Lazy Class : Example    • Pull Up the calculatePostage() method.    • Make the Address class non abstract    • Remove the ...
Dispensables : Data Class • A key goal of OO design is to minimize depedencies   between classes and components by packagi...
Data Class : Example            This Class simply displays Student Summary            Move this method out to Student Clas...
Dispensables : Duplicate Code • Code that is the same, or performs the   same function are showing up in multiple   places...
Duplicate Code: Example            July 12, 2012      © 2012 ProKarma | All Rights Reserved                            Con...
Dispensables : Dead Code • Code that is no longer usedThe Problem                              The SolutionHarder to compr...
Dead Code: Example           July 12, 2012      © 2012 ProKarma | All Rights Reserved                           Confidenti...
Dispensables : Speculative Generality  • Creating today what we speculate will be    needed in the future (where there is ...
Code Smells : OO Abusers • Solution does not fully exploit the   possibilities of Object Oriented Design • For example a s...
OO Abusers: Switch Statements • Switch statements are bad from an OO design   standpoint. Not only because theyre basicall...
Switch Statements : Example            July 12, 2012      © 2012 ProKarma | All Rights Reserved                           ...
OO Abusers: Temporary fields • This smell occurs when a class has a field that is   only used some of the time. A class li...
Temporary fields : Example             July 12, 2012      © 2012 ProKarma | All Rights Reserved                           ...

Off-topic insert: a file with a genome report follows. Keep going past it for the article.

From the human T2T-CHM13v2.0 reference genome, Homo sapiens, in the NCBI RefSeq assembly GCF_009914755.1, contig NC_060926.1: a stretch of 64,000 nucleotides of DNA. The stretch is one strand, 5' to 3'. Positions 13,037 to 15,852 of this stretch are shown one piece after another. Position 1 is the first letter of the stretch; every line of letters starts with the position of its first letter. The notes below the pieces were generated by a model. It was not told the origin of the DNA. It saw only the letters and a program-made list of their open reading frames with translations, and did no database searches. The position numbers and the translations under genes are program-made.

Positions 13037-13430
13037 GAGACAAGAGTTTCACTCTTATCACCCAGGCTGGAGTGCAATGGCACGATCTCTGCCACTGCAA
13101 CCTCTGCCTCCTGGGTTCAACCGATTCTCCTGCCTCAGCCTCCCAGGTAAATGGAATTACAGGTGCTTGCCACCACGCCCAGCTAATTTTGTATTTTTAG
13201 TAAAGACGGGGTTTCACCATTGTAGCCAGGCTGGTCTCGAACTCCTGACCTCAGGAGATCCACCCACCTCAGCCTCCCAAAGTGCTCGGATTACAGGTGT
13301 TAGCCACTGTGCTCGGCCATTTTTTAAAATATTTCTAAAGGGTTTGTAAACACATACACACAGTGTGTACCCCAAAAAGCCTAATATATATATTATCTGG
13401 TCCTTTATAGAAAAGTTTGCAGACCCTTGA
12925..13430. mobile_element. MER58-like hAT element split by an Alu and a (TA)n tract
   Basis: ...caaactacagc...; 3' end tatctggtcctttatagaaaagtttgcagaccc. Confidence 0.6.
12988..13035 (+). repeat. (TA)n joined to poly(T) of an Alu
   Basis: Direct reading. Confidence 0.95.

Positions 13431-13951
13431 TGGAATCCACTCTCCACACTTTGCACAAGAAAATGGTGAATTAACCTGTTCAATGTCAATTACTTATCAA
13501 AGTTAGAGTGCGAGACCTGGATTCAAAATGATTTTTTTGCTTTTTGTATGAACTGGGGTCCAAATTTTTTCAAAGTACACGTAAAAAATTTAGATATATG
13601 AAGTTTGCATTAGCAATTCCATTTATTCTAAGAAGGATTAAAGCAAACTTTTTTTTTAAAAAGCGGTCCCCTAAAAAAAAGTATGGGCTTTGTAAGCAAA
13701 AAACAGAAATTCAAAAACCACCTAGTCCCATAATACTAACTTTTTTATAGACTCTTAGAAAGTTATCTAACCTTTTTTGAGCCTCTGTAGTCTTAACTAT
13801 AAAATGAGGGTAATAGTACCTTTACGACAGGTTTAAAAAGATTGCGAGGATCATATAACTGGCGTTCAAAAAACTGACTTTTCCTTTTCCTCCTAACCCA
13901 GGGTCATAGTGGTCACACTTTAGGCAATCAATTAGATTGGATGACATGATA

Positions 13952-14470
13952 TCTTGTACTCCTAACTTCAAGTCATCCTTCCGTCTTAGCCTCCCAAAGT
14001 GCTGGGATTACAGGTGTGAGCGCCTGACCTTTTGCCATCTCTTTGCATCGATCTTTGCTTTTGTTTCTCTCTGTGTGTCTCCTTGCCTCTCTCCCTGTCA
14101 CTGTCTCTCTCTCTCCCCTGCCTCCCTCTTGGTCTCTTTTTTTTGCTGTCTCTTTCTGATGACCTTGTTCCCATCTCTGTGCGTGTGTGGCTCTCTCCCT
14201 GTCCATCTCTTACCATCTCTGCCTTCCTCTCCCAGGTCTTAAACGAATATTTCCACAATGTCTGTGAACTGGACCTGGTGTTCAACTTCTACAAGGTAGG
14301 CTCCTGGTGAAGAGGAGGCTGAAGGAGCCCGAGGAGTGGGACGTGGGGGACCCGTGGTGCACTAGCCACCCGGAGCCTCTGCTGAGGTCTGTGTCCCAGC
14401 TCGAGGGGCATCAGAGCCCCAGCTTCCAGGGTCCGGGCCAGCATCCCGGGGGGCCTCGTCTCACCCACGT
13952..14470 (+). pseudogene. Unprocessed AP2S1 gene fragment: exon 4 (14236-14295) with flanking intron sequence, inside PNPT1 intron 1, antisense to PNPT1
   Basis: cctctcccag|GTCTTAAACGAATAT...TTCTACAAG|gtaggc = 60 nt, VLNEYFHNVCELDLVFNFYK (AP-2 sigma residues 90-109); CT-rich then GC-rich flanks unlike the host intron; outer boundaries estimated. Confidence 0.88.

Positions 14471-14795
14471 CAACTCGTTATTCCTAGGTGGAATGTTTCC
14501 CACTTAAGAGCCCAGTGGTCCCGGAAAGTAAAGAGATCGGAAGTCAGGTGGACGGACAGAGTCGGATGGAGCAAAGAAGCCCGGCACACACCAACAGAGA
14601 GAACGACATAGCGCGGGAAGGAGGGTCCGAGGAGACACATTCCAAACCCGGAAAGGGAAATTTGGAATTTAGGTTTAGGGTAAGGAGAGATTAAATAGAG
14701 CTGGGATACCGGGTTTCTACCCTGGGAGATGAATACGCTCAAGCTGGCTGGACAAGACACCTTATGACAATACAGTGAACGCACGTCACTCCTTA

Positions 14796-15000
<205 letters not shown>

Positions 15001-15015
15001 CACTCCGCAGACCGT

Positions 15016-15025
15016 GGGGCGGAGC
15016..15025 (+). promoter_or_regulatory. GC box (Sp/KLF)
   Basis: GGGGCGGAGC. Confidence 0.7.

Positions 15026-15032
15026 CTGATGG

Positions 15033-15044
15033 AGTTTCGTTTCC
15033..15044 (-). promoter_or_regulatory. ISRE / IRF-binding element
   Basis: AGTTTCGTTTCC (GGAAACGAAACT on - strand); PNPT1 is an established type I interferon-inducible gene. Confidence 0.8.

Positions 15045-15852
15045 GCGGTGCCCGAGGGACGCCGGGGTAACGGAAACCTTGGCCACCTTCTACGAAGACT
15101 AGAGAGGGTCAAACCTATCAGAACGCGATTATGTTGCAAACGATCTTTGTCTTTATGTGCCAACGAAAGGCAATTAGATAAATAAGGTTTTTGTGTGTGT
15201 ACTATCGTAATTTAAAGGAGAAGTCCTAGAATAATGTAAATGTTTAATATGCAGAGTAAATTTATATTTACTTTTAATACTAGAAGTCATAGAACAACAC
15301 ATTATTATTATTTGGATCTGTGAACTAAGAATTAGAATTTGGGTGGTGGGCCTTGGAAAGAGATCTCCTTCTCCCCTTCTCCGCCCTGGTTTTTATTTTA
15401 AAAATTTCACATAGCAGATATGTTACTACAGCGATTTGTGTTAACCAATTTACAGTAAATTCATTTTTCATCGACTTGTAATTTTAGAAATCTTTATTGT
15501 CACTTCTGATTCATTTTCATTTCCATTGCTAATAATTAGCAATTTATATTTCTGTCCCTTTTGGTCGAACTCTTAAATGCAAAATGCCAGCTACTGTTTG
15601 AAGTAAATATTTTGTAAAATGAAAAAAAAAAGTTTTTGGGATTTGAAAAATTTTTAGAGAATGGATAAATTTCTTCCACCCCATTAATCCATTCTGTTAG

OO Abusers: Refused Bequest • If you inherit from a class, but never use   any of the inherited functionality, should   yo...
Refused Bequest : Symptoms • The subclass undefines an inherited method,    makes an inherited method private, or makes it...
Refused Bequest : What can be done? • If its not confusing, you might decide to leave it   as is • If theres no reason to ...
OO Abusers: Alternate Classes with different Interfaces • Lacks a common interface for closely   related classes, so it ca...
Code Smells : Change Preventers • Smells that hinder changing or further   developing the software             July 12, 20...
Change Preventers : Divergent Change • Divergent change occurs when one class   is commonly changed in different ways for ...
Divergent Change : Example            July 12, 2012      © 2012 ProKarma | All Rights Reserved                            ...
Change Preventers : Shortgun surgery • If a change in one class requires   cascading changes in several related   classes,...
Change Preventers : Parallel Inheritance Hierarchies • A special case of shotgun surgery • Every time you make a subclass ...
Code Smells : Couplers • Coupling among classes or subsystems is   a measure of how interconnected those   classes or subs...
Couplers : Feature Envy • A method in ClassA seems way too   interested in the workings and data fields   of ClassB. The f...
Feature Envy : Example            July 12, 2012      © 2012 ProKarma | All Rights Reserved                            Conf...
Couplers : Inappropriate Intimacy • When two classes exhibit an unhealthy   fascination with each others bits, we call   t...
Couplers : Message Chains • Message Chains is a smell where class A needs data   from class D. To access this data, class ...
Couplers : Middle Man • Represent a problem that might be   created when trying to avoid high coupling   with constant del...
Design Smell                                 Immobility              Opacity                               Rigidity       ...
SOLID STUFF • Single Responsibility Principle (SRP) • Open-Closed Principle (OCP) • Liskov Substitution Principle (LSP) • ...
Cohesion and Coupling • Cohesion – How closely related are the   different responsibilities of a module • Coupling – How m...
Single Responsibility Principle (SRP)  • A Class should have only one reason to    change.  Just because you can doesnt me...
Responsibiltiy?  • What a class does  • The more a class does, the more likely it    will change  • The more a class chang...
Open-Closed Principle (OCP)    Brain surgery is not needed when putting on a hat.                July 12, 2012      © 2012...